Union bias permeates the actions of the current National Labor Relations Board (NLRB). This is hardly surprising since a former union lawyer, Richard Griffin, holds the powerful position of Board General Counsel and a majority of Board members have a pro-union background.
But however significant the pro-union bias is at the NLRB, the members should still be able to uphold basic elements of the National Labor Relations Act. The NLRB’s predisposition to favor labor unions should not override their duty to impartially enforce the Act.
One duty of the Board is to ensure employees are free to self-determine their own representation. Part of that requires “free and fair elections.” Any observer of the Board knows that the current NLRB members take this duty extremely seriously when there is anti-union animus, which could impact the results of an election. However, pro-union threats do not receive as harsh of scrutiny from the NLRB.
In 2013, the Laborers International Union of North America (LIUNA) began organizing certified nurse’s aids at Manorcare, a nursing facility in Pennsylvania. LIUNA won a closely contested election 34-32. Manorcare challenged the election results because several workers testified that they were threatened by pro-union employees.
One employee, Amy Kovac said, her colleague Juanita Davis, “came out of work and says she was going to slash our tires if we voted no for the Union.”
Another employee said she was going to “start punching people in the face” if the union didn’t get in. These are just some of the threats that occurred.
Despite the threats, NLRB members ruled that the union election results should stand and “neither [threatening statement] rose to the level of objectionable third-party threats.”
Manorcare refused to bargain with LIUNA and appealed the Board’s decision to the D.C. Circuit Court of Appeals. On May 20, 2016, despite the District Court applying a standard of deference to the NLRB’s decision, the Court was forced to reverse the decision because it was not “reasonable and consistent with applicable precedent.”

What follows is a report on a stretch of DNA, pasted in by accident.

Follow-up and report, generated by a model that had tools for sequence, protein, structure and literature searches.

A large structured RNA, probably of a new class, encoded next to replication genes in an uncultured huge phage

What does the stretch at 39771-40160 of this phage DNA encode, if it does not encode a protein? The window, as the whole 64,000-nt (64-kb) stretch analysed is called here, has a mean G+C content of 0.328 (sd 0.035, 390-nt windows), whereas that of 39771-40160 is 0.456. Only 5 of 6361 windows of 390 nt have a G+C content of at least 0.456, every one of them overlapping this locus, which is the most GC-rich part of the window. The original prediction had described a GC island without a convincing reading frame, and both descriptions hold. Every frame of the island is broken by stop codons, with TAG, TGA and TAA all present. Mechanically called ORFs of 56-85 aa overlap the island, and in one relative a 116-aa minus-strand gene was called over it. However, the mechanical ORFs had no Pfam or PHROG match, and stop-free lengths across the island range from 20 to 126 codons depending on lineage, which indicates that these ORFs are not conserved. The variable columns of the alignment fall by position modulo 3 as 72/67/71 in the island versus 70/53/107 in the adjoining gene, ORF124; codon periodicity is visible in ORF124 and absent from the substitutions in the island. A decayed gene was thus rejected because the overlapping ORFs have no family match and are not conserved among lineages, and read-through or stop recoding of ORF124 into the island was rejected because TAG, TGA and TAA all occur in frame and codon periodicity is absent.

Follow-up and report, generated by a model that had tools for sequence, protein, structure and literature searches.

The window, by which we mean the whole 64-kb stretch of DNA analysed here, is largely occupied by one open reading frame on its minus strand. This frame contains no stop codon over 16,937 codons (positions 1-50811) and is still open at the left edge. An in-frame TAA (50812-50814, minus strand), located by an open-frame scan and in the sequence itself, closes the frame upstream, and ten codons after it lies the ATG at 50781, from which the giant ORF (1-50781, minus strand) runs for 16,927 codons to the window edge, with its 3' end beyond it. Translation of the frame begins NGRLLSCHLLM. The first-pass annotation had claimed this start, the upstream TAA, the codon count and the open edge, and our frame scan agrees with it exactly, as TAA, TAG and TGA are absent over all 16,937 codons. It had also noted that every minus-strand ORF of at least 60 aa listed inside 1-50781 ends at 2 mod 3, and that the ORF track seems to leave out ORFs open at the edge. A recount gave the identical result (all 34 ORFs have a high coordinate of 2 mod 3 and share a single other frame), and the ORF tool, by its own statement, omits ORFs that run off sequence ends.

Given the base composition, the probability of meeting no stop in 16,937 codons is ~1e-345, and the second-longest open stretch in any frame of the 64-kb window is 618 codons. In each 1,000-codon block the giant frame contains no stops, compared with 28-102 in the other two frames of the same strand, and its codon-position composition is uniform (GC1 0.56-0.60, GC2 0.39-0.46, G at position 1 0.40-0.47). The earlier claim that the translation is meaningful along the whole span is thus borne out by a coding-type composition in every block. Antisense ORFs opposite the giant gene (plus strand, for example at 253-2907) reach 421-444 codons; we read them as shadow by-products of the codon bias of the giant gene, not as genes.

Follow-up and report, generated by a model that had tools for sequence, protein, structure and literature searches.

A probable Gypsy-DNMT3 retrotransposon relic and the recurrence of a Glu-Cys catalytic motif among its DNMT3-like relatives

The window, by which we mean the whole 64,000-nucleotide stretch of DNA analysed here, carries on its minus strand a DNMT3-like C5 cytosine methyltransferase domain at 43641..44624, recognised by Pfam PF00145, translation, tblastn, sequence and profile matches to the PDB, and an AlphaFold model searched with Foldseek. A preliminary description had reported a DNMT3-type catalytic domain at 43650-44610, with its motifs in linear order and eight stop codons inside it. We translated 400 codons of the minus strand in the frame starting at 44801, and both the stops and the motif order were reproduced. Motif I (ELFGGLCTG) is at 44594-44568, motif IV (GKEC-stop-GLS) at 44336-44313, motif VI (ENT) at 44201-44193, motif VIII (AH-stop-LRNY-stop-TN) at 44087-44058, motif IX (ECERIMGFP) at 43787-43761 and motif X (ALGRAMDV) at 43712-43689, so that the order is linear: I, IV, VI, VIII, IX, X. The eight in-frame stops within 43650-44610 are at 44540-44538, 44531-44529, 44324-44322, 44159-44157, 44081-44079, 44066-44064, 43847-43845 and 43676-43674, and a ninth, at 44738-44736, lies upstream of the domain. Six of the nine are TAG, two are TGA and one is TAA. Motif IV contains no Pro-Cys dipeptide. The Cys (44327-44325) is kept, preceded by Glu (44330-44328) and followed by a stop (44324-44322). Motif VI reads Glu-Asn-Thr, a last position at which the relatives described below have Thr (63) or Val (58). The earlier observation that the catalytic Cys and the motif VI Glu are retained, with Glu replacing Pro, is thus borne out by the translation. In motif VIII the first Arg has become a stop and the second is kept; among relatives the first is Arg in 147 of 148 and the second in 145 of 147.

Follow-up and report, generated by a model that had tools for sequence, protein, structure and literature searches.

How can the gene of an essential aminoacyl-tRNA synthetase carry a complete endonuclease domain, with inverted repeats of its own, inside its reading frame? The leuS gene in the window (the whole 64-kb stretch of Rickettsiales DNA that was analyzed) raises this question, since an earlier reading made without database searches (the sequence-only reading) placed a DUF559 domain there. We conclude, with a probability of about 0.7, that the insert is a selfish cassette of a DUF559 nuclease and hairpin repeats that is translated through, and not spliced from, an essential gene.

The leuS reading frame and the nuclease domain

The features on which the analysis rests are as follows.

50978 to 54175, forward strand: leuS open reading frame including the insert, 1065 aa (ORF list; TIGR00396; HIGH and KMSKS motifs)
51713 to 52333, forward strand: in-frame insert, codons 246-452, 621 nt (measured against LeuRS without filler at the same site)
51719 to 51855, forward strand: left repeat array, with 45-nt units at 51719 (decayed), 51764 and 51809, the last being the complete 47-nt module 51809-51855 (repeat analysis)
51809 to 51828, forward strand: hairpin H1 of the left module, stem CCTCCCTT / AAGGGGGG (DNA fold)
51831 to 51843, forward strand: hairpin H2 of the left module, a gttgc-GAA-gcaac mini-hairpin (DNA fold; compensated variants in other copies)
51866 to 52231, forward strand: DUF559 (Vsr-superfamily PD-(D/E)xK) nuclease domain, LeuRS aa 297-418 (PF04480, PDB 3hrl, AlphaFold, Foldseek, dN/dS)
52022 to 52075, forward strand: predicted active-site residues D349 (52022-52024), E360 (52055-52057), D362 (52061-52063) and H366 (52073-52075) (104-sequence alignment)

The Court of Appeals determined that the NLRB did not follow its own precedent in deciding to confirm the election results. The Board decision, Westwood Horizons Hotel, sets forth the factors on whether misconduct prior to a union election rises to the level that require a redo of an election, which include:
- The nature of the threat;
- Whether the threat encompassed the entire bargaining unit;
- The extent of the threat's dissemination;
- Whether the person who made the threat was capable of carrying it out and whether employees likely acted in fear because of his capability of carrying out the threat; and
- Whether the threat occurred at or near the time of the election.
In short, a union election is tainted and requires a redo when “misconduct was so aggravated as to create a general atmosphere of fear and reprisal rendering a free election impossible."
Clearly, a threat to physically harm a person and their property if they do not vote union creates an “atmosphere of fear and reprisal.” An election decided by only two votes, such threats could have decided the result and, therefore, certifying the union as the workers’ representative may not actually “reflect the employees’ free choice.”
Unfortunately, this is just one case of many that show a disturbing pattern of outlandish pro-union bias from the NLRB, which Congress created to act impartially and as a neutral arbiter.
As seen recently, the NLRB general counsel charged McDonald’s USA as a joint employer of its franchisees without providing any evidence and failed to explain its legal theories behind its unprecedented allegations. The Board’s ambush election rule threatens private-sector workers privacy by forcing employers to hand over its employees’ email and phone numbers to union organizers.
The NLRB has outlived its usefulness. The next Congress must consider legislation that abolishes the agency or strips it of its adjudication and rulemaking authority.
See the Competitive Enterprise Institute’s “Agenda for Congress” for in-depth discussion on NLRB reform.